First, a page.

Nikkor AF 28-105mm f/3.5-5.6D IF

Lens Review

Nikkor AF 28-105mm f/3.5-5.6D IF on Nikon D100.


This was the second lens that I got from my dad when he gave me his Nikon D100. I was hardly using this lens because of its limited focal range versus my other Nikkor AF 28-200mm f/3.5-5.6G lens. Little did I know then, this lens was actual better in terms of color and sharpness than the Nikkor 28-200mm.

The build quality of this lens is a bit better than decent, but not quite good. It’s still vastly plastic but does have some heft to it, probably because it contains 16 elements in 12 groups.

2007-01-05 - Nikkor 28-105mm D lens - 001The auto focus of this lens is slow, especially in low light conditions. It does not have a built on auto focus motor (AF-S) and thus relies on the camera’s screw-drive motor to focus which has the disadvantage of being louder over the other lenses that has the built on AF motor. The loudness is especially apparent when the lens is searching for focus through the focus range. This lens is an internal focus, IF, lens so the front element does not move to focus. It is worth noting that this lens does focus a bit faster than the Nikkor 28-200mm.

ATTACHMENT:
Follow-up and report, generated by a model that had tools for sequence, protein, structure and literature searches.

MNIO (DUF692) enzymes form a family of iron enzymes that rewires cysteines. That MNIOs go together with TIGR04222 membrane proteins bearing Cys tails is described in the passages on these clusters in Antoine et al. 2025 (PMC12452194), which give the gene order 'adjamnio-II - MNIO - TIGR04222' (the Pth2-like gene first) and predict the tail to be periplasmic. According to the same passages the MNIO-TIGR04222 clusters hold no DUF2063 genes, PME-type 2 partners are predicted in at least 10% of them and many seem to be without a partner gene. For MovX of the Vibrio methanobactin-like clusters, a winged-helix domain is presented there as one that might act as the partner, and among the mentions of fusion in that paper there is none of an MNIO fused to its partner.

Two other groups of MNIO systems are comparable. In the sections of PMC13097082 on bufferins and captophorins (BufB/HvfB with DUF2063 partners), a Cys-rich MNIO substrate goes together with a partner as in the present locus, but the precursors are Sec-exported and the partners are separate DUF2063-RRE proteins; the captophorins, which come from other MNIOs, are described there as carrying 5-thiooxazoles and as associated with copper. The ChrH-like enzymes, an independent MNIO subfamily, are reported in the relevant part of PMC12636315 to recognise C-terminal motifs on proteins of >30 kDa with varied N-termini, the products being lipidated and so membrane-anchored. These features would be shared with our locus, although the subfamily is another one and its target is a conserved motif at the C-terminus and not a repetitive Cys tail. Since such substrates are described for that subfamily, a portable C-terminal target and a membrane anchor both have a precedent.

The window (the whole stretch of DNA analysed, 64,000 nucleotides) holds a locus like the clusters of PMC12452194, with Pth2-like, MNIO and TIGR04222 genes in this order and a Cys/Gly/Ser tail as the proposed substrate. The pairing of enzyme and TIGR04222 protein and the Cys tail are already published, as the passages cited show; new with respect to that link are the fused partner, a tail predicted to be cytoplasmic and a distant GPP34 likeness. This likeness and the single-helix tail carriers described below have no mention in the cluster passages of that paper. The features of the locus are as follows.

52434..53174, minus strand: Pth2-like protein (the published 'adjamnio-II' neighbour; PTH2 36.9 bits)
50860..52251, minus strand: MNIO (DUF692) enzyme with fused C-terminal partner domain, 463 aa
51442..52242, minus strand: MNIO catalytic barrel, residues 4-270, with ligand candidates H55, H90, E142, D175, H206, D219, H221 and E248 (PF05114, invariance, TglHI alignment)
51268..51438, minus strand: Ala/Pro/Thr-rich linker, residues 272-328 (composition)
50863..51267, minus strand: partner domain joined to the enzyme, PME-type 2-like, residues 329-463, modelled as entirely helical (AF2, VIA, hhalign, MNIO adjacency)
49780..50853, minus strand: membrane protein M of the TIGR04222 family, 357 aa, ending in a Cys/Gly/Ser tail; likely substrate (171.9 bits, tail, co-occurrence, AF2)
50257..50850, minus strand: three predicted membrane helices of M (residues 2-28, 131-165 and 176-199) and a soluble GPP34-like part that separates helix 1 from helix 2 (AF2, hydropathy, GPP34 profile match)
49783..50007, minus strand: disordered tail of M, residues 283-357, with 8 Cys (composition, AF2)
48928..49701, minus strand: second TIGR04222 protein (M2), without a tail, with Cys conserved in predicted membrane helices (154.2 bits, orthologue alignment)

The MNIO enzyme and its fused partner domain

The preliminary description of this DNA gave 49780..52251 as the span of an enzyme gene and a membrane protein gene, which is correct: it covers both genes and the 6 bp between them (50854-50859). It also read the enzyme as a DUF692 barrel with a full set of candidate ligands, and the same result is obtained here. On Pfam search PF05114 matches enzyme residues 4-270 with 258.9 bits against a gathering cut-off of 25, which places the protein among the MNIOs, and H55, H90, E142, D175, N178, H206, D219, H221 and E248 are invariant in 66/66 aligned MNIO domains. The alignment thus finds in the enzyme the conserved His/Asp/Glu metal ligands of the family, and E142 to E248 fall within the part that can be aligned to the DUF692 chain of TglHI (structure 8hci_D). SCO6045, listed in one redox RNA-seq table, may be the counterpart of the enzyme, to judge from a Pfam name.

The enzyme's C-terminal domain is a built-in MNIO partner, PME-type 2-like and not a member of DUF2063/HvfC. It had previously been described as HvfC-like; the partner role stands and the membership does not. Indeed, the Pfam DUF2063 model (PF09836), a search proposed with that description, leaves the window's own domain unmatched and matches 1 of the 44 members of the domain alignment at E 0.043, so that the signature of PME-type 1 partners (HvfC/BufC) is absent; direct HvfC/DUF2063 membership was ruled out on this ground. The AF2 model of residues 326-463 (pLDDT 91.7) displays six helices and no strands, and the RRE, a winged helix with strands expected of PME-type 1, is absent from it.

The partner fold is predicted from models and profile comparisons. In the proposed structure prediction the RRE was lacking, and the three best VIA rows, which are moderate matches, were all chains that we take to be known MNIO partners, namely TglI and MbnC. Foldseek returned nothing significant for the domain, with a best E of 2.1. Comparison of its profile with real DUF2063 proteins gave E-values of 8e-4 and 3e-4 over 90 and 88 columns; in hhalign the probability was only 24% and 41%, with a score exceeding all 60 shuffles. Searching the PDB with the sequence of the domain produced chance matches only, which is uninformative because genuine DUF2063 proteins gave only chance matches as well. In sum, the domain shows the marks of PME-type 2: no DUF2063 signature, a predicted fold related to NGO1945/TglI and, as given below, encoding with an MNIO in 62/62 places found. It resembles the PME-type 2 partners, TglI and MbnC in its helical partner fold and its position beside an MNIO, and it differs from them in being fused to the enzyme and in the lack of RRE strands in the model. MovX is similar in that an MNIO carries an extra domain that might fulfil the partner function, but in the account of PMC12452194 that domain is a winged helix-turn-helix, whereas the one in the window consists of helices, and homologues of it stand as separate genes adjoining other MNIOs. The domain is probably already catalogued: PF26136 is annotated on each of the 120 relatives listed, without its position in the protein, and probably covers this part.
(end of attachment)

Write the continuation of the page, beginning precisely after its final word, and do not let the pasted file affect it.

This lens has an aperture ring making it compatible with virtually all the Nikon cameras, a feature not very necessary on the Nikon digitals. Available aperture settings are 3.5, 5.6, 8, 11, 16, and 22.

One really nice thing about this lens is that is has a macro switch, although this is a bit outdated for new macro lens no longer has a need for a switch. The macro can only be activated at focal lengths of 50mm to 105mm. The closes focus distance is 1.64 feet (0.5m) at 50mm with the macro selected.

The filter size is 62mm.2007-01-05 - Nikkor 28-105mm D lens - 004

08-20-06 - San Francisco - 001.jpg2006-07-28 - SJ Grand Prix - 006.jpg08-19-06 - Stripes - 005.jpg

These are merely a few samples. For more pictures, please visit the gallery.